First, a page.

It will be apparent that, as the door is moved from an open position in a direction to close it, and the conductive membrane 14 approaches the Contact bar 15, the forces of mutual attraction between the magnet 17 and the Contact bar will become increasingly strong as the distance separating them decreases; assuming no more than normal resistance to movement of the door on its hinges, the forces of mutual attraction can themselves furnish all the effort needed to completely close and RF seal the door.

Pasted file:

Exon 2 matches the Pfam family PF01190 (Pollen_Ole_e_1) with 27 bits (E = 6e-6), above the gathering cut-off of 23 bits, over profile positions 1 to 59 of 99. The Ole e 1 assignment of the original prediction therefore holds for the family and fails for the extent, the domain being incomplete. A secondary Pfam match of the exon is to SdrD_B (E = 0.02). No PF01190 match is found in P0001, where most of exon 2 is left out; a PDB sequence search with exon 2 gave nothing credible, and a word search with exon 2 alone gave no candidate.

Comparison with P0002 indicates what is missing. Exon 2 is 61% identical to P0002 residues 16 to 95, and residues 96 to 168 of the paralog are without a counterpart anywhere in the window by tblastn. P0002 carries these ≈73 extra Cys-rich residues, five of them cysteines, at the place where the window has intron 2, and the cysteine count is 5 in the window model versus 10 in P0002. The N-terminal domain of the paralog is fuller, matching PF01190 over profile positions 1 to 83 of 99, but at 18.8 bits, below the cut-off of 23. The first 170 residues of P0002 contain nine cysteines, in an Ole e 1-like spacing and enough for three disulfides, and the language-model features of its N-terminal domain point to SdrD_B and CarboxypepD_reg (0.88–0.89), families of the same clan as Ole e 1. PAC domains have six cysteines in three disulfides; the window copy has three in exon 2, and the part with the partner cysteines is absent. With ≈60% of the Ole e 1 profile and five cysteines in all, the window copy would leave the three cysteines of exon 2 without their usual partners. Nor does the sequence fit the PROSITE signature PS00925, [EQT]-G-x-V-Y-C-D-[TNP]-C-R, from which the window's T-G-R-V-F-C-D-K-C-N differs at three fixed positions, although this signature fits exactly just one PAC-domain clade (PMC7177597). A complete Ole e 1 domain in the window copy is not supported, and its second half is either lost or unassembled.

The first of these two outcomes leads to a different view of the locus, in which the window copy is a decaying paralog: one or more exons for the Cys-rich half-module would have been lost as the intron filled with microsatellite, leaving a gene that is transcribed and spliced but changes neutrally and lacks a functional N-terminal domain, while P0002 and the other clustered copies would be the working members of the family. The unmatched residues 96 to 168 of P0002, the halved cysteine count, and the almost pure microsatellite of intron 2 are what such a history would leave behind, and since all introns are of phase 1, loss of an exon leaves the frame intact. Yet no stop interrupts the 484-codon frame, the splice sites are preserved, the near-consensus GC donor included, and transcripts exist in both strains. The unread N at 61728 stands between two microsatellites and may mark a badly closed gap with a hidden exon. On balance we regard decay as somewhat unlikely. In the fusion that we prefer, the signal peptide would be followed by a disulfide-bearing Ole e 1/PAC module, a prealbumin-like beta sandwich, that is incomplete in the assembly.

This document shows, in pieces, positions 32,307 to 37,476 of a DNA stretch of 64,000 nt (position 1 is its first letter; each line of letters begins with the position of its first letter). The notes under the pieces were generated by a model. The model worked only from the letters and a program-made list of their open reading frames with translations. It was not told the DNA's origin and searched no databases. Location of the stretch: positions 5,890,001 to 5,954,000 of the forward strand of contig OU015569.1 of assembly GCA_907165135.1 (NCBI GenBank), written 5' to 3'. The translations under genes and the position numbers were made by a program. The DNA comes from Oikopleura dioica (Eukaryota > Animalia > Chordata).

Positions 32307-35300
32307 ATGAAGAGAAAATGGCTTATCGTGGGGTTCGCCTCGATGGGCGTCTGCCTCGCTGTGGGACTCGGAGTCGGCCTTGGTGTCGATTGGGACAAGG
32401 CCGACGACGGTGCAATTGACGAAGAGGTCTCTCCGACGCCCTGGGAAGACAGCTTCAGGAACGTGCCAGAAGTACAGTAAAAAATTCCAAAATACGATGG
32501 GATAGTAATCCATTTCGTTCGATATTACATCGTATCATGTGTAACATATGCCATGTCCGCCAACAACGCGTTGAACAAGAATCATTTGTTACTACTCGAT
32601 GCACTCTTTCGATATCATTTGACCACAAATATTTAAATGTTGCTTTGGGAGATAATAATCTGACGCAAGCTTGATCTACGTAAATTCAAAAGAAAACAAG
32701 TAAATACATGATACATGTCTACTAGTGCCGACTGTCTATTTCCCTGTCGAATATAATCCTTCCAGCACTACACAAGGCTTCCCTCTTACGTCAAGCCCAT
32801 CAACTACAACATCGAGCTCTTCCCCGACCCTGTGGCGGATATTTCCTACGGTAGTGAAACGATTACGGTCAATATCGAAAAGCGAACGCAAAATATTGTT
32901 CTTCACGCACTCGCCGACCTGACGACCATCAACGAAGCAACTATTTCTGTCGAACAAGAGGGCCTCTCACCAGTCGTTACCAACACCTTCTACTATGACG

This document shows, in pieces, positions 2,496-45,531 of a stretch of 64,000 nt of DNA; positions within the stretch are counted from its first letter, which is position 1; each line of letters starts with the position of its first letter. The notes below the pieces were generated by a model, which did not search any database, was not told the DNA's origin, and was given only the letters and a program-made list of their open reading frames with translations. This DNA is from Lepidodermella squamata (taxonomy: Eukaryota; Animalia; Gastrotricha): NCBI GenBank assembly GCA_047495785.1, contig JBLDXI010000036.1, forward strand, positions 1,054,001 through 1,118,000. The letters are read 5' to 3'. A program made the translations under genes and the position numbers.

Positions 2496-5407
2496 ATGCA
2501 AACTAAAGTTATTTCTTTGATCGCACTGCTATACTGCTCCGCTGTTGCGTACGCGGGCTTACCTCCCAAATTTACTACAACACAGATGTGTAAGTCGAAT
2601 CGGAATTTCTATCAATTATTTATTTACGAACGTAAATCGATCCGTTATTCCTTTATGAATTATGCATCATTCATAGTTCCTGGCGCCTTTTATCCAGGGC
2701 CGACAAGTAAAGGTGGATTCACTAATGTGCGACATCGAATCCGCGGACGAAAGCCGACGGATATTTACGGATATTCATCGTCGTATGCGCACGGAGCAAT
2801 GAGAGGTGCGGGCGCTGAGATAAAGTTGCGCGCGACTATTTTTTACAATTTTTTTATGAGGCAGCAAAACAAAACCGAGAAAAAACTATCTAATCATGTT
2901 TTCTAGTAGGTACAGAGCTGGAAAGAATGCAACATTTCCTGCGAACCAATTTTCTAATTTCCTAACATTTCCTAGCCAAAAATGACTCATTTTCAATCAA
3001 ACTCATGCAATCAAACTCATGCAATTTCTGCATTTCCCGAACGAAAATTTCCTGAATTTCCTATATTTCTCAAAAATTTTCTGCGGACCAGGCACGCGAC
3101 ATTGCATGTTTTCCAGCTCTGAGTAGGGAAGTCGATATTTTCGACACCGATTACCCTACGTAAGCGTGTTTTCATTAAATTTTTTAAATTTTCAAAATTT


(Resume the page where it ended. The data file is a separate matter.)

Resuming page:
The objects of this invention can be achieved through the use of arrangements of active and passive magnetic elements such as in the foregoing embodiment, or alternatively through the use of a combination of more than one active magnetic element. Active magnetic elements may ybe selected from many types, including metallic or ceramic permanent magnets, or electromagnets. Passive magnetic elements may be of any suitable ferro-magnetic material. The magnetic elements may be affixed to other seal elements as in the instant example, or they may be removable. Such alternate arrangements may be realized in many forms, as will be obvious to those skilled in the art. For example, the steel bar 15 of FIG. l may be omitted if the adjacent shielding element 18 is of ferromagnetic material, so that it performs the functions of a passive magnetic element, and also provides an electrically conductive surface. Galvanized steel sheet `will serve this purpose, for example; the steel core of such sheet is ferro-magnetic, while an electrically conductive surface is provided in the zinc coating.